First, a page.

Apple TV+ Teases Release of Miniseries Developed By Creators of ‘Band of Brothers’

Photo Credit: 1. Crane / HBO / Dreamworks Pictures / MovieStillsDB 2. michaella92 / Columbia Pictures / Sony Pictures / MovieStillsDB

Apple TV+ has released the teaser trailer for its winter 2022-23 schedule. The clip features previews of a number of upcoming releases, including one of the new wartime miniseries, Masters of the Air. The show, starring Austin Butler, comes from the creators of Band of Brothers (2001) and The Pacific (2010).

Steven Spielberg and Tom Hanks posing together at the National Board of Review Annual Awards Gala
Masters of the Air is being developed by Steven Spielberg and Tom Hanks’ production company, Playtone. (Photo Credit: Kevin Mazur / Getty Images for National Board of Review)

Word of the series, based on the book by Donald L. Miller, first arose in 2012, with HBO initially confirming the news. Seven years later, Apple revealed it had made a deal with Playtone, the production company founded by director Steven Spielberg and actor Tom Hanks, to exclusively premiere the series on its Apple TV+ streaming service.

Production began in the United Kingdom in February 2021, with Austin Butler, best known for portraying Elvis Presley in 2022’s Elvis, starring as Maj. Gale Cleven and Nate Mann portraying Maj. Robert Rosenthal. Callum Turner, James Murray, Anthony Boyle and Barry Keoghan are among those who have also been cast.

Masters of the Air was written by John Orloff and Graham Yost, with Hanks and Spielberg serving as executive producers alongside Cary Joji Fukunaga and Gary Goetzman. While an exact release date has yet to be revealed, the series will likely premiere sometime in late 2022 or early ’23.

Two Boeing B-17 Flying Fortresses in flight
Masters of the Air will depict the strategic bombings conducted by the Eighth Air Force during World War II. (Photo Credit: Wikimedia Commons / Public Domain)

Masters of the Air depicts the actions of the Eighth Air Force during the Second World War. Nicknamed the “Mighty Eighth,” it served as part of the US Army Air Forces and carried out operations across northern Europe, with a focus on Germany, the Low Countries and France. Its primary objective was the planning and execution of strategic daytime bombings on German-held areas.

The Eighth Air Force had the largest combat strength in the service, in terms of personnel, equipment and aircraft. It featured over 200,000 personnel by mid-1944, and was capable of sending 2,000 bombers and 1,000 fighters on a single air raid. This amounted to 440,000 sorties, during which 697,000 tons of bombs were dropped.

Following the German surrender, its members were transferred to Okinawa to train new groups for combat against the Japanese Empire. However, the country surrendered before the group’s first combat sortie in the Pacific Theater. Of those who served with the Mighty Eighth during World War II, 556 became air aces. There were also 17 Medal of Honor recipients, 442,000 Air Medals awarded and 220 Distinguished Service Crosses handed out.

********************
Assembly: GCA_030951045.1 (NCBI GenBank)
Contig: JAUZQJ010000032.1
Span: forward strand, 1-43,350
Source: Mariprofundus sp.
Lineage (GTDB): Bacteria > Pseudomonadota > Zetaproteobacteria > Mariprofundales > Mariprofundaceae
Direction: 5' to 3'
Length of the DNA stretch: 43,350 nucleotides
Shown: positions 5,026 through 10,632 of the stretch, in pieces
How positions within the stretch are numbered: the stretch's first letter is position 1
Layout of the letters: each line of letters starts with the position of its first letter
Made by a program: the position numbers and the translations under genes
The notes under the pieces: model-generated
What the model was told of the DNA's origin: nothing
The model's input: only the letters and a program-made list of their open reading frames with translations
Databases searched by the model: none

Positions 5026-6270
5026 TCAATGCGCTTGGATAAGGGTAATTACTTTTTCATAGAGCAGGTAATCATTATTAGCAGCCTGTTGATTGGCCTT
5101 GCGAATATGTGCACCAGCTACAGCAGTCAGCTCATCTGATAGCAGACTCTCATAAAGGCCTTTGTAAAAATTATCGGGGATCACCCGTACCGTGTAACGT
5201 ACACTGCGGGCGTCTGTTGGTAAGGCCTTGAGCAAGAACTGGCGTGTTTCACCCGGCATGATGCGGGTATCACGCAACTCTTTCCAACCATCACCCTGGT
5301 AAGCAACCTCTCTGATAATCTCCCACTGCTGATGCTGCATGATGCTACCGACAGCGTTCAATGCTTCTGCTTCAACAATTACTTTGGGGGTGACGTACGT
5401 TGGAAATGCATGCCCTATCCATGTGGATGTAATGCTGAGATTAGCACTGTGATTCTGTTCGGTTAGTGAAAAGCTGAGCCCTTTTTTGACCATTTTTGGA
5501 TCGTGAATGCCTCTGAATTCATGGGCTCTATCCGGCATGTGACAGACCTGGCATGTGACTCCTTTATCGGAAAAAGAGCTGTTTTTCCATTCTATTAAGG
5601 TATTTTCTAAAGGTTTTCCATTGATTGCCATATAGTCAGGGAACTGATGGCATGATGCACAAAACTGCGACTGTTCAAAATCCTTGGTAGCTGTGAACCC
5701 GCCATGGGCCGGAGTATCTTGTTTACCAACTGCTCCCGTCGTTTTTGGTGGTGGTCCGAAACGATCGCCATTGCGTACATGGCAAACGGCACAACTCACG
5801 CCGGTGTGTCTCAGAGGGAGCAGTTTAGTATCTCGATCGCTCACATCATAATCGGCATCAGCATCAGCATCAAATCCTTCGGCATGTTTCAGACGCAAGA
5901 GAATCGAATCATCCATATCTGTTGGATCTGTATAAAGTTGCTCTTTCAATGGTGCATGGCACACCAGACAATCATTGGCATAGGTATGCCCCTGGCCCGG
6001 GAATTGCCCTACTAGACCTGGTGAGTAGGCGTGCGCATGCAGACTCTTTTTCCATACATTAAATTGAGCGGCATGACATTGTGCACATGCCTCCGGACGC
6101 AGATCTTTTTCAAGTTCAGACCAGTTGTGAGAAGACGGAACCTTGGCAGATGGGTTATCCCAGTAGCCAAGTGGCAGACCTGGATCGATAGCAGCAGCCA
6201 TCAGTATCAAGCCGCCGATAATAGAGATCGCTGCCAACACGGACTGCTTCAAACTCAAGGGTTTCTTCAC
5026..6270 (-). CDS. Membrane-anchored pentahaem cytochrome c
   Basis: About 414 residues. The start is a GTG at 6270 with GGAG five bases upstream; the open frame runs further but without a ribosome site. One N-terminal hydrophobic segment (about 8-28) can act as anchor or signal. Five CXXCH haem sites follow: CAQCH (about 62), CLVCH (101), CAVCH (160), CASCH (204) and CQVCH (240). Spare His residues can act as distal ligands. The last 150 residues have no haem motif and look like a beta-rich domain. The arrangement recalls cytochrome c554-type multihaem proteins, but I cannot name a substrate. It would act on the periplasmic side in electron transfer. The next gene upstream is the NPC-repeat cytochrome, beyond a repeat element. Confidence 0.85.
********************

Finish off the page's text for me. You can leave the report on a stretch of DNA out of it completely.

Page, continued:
The brave men and women of the Eighth Air Force have continued to serve as part of the US Air Force ever since.

As aforementioned, Masters of the Air is from the minds that brought Band of Brothers and The Pacific to the small screen. Both projects involved Spielberg and Hanks, with the former based on the 1992 book by Stephen E. Ambrose.

Band of Brothers tells the story of Easy Company, 2nd Battalion, 506th Parachute Infantry Regiment, 101st Airborne Division throughout the course of the Second World War. While it follows the course of the paratroopers’ service, from their training at Camp Toccoa, Georgia to their involvement in D-Day, Operation Market Garden and the Siege of Bastogne, the 10-episode series opts to focus more on the individuals who made up the team, rather than solely on the engagements they fought.

For his book, Ambrose not only conducted his own research, but interviewed surviving members of Easy Company. To ensure increased accuracy for the HBO miniseries, the minds behind Band of Brothers conducted further research, which included the memoir by Pvt. David Kenyon Webster. This was on top of additional interviews with former Easy Company members, with whom the actors had contact with, and consultation with Dale Dye, a US Marine Corps veteran.

While all this ensured Band of Brothers was as historically accurate as possible, Hanks later said a few changes had to be made for the series to fit on television: